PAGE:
2020-01-08 17:36:21 UTC
MacBride: I’ve Finally Found the Source of the NRA’s Power
BY DAN ZIMMERMAN |JAN 08, 2020 |28 COMMENTS
NRA Convention Indianapolis
(AP Photo/Lisa Marie Pane)
Quartz contributor Elizabeth MacBride attended the NRA annual meetings and
convention in Indianapolis back in April. It’s apparently taken her nine
months to recover from the experience and synthesize her thoughts about the
horrors she witnessed there.
She seems to have concluded that the source of the NRA’s power isn’t its
money or its five million members and their propensity to vote for
candidates who support their gun rights. Instead, as she sees it, the
Association’s influence stems from algorithms, fear, racism, misogyny,
nativism, and a pervasive culture of violence.
Everywhere I looked, I was surrounded by foot soldiers of the NRA.
A paunchy man walked by wearing a too-tight t-shirt that read, “Ho ho ho,
now I have a machine gun.” A man with a Gettysburg beard stood to one side.
At the nearby Palmetto State Armory booth, two young men caressed AK-47s on
I had gone into the convention hoping to answer my questions about how the
NRA, a relatively small organization (representatives claim around 5 million
members, but the figures are not confirmed) wields so much power.
In the 2008 case District of Columbia v. Heller, the Supreme Court ruled on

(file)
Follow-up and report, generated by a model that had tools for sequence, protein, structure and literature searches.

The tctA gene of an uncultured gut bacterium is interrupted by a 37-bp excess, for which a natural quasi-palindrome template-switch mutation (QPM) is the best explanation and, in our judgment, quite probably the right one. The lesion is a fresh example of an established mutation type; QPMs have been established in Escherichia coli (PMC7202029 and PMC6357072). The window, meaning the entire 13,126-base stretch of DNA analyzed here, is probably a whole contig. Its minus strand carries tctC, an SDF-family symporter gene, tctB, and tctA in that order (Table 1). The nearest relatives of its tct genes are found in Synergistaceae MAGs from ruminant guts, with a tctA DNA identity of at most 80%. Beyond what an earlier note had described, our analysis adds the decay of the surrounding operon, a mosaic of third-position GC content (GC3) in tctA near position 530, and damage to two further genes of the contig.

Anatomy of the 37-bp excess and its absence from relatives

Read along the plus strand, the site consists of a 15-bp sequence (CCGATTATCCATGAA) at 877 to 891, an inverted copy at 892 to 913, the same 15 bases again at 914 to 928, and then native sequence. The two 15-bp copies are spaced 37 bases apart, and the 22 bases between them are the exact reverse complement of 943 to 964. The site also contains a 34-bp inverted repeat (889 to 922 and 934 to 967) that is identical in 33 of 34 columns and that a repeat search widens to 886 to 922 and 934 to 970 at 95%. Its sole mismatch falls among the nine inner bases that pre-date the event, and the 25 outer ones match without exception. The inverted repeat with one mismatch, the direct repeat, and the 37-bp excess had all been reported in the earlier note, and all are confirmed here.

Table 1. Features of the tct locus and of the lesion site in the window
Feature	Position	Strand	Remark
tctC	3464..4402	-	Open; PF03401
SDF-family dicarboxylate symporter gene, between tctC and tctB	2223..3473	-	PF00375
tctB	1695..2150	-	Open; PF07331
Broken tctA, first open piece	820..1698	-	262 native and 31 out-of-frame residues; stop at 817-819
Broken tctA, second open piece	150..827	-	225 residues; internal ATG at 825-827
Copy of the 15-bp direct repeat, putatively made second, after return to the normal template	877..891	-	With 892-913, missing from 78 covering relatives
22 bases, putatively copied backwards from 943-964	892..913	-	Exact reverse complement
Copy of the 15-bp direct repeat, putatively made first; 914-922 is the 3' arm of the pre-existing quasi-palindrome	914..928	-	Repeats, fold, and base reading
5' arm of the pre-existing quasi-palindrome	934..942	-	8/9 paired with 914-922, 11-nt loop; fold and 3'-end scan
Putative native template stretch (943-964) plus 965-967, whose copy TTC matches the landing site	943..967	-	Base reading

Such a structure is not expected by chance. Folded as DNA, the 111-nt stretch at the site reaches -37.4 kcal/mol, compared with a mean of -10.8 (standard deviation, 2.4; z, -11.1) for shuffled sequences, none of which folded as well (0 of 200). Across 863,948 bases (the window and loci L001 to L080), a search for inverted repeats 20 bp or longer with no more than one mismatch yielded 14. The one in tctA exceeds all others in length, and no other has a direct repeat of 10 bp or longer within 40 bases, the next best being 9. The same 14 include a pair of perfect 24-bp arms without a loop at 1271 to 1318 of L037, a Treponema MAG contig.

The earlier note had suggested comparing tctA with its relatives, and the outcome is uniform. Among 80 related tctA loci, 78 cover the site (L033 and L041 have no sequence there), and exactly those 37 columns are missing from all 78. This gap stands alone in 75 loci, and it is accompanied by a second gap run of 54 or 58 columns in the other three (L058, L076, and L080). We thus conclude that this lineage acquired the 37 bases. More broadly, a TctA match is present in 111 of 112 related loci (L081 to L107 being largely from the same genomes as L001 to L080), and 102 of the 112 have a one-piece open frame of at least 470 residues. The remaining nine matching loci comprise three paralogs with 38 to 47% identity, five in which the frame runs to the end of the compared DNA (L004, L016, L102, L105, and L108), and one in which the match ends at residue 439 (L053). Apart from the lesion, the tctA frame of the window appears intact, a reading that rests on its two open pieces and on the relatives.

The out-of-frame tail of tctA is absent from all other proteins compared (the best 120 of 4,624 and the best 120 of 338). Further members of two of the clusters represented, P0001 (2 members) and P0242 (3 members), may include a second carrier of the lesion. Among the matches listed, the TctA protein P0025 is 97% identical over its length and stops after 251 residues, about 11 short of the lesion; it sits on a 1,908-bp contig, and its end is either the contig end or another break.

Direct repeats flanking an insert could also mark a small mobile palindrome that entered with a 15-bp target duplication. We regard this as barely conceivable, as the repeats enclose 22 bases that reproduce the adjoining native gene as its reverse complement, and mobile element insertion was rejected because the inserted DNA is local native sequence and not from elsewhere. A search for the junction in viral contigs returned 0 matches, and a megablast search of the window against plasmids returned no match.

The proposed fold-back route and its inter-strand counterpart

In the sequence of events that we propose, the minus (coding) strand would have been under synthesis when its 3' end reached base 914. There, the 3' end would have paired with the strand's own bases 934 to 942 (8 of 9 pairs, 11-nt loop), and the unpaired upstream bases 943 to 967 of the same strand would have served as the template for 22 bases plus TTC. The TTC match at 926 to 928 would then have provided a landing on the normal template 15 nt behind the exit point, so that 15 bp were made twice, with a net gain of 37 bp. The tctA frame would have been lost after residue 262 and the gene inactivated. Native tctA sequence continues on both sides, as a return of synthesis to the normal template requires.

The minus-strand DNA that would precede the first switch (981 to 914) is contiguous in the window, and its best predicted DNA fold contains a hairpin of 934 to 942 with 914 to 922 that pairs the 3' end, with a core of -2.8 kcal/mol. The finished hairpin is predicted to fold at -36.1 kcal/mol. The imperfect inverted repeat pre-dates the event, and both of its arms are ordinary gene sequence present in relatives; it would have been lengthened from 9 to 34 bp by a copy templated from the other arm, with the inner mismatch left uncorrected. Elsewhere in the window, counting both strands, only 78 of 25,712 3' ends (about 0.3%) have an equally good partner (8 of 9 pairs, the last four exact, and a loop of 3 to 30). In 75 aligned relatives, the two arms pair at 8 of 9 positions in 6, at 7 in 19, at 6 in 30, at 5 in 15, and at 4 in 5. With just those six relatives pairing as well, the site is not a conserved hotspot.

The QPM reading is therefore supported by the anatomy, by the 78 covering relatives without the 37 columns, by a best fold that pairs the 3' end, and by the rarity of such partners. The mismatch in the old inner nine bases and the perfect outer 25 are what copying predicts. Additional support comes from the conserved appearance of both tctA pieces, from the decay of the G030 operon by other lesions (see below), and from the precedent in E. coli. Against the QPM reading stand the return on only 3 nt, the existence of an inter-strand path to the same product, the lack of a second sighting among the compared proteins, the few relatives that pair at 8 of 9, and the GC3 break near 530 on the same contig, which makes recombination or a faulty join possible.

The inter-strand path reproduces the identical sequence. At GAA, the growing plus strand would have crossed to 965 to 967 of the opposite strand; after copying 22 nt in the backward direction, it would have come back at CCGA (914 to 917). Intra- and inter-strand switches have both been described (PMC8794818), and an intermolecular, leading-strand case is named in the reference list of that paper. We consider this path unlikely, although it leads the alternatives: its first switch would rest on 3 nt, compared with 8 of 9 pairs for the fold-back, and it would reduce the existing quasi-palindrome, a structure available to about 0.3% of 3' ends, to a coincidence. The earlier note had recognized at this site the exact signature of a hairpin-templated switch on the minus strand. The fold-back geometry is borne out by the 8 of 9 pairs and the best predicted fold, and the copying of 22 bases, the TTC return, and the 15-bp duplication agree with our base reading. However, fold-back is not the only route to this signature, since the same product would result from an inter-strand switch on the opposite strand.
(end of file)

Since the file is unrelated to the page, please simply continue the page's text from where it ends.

an individual right to bear arms rather than a state militia’s right to be
equipped. But since the late 1960s, the NRA has blocked gun registration and
licensing systems, stymied enforcement of existing laws by hamstringing the
Bureau of Alcohol, Tobacco, and Firearms (ATF), and undermined public-health
approaches to gun violence.
The NRA is at the heart of an American gun culture that has given rise to a
societal tolerance for horrific shootings. Yet in the past two decades, the
association has morphed into something even more powerful: a machine for
Members of the NRA may not look like much individually. But under one of the
most gifted political organizers in US history, current NRA vice president
Wayne LaPierre, they remain core to US president Donald Trump’s re-election
campaign, even after a year in which the NRA was rocked by grifting
scandals. Militarized and steeped in a hierarchical culture that celebrates
violence, NRA-member voters are also likely to quickly support war.
I went into the convention thinking there were two forces at work that can
explain the NRA’s power and LaPierre’s longevity: Weaponized right-wing
politics, and the gun industry, which provides the bankroll. My hypothesis
proved to hold up.
But I also learned that 15 acres of guns is not all about politics. Nor is
it all about guns.
– Elizabeth MacBride in The NRA’s most powerful weapon is not a gun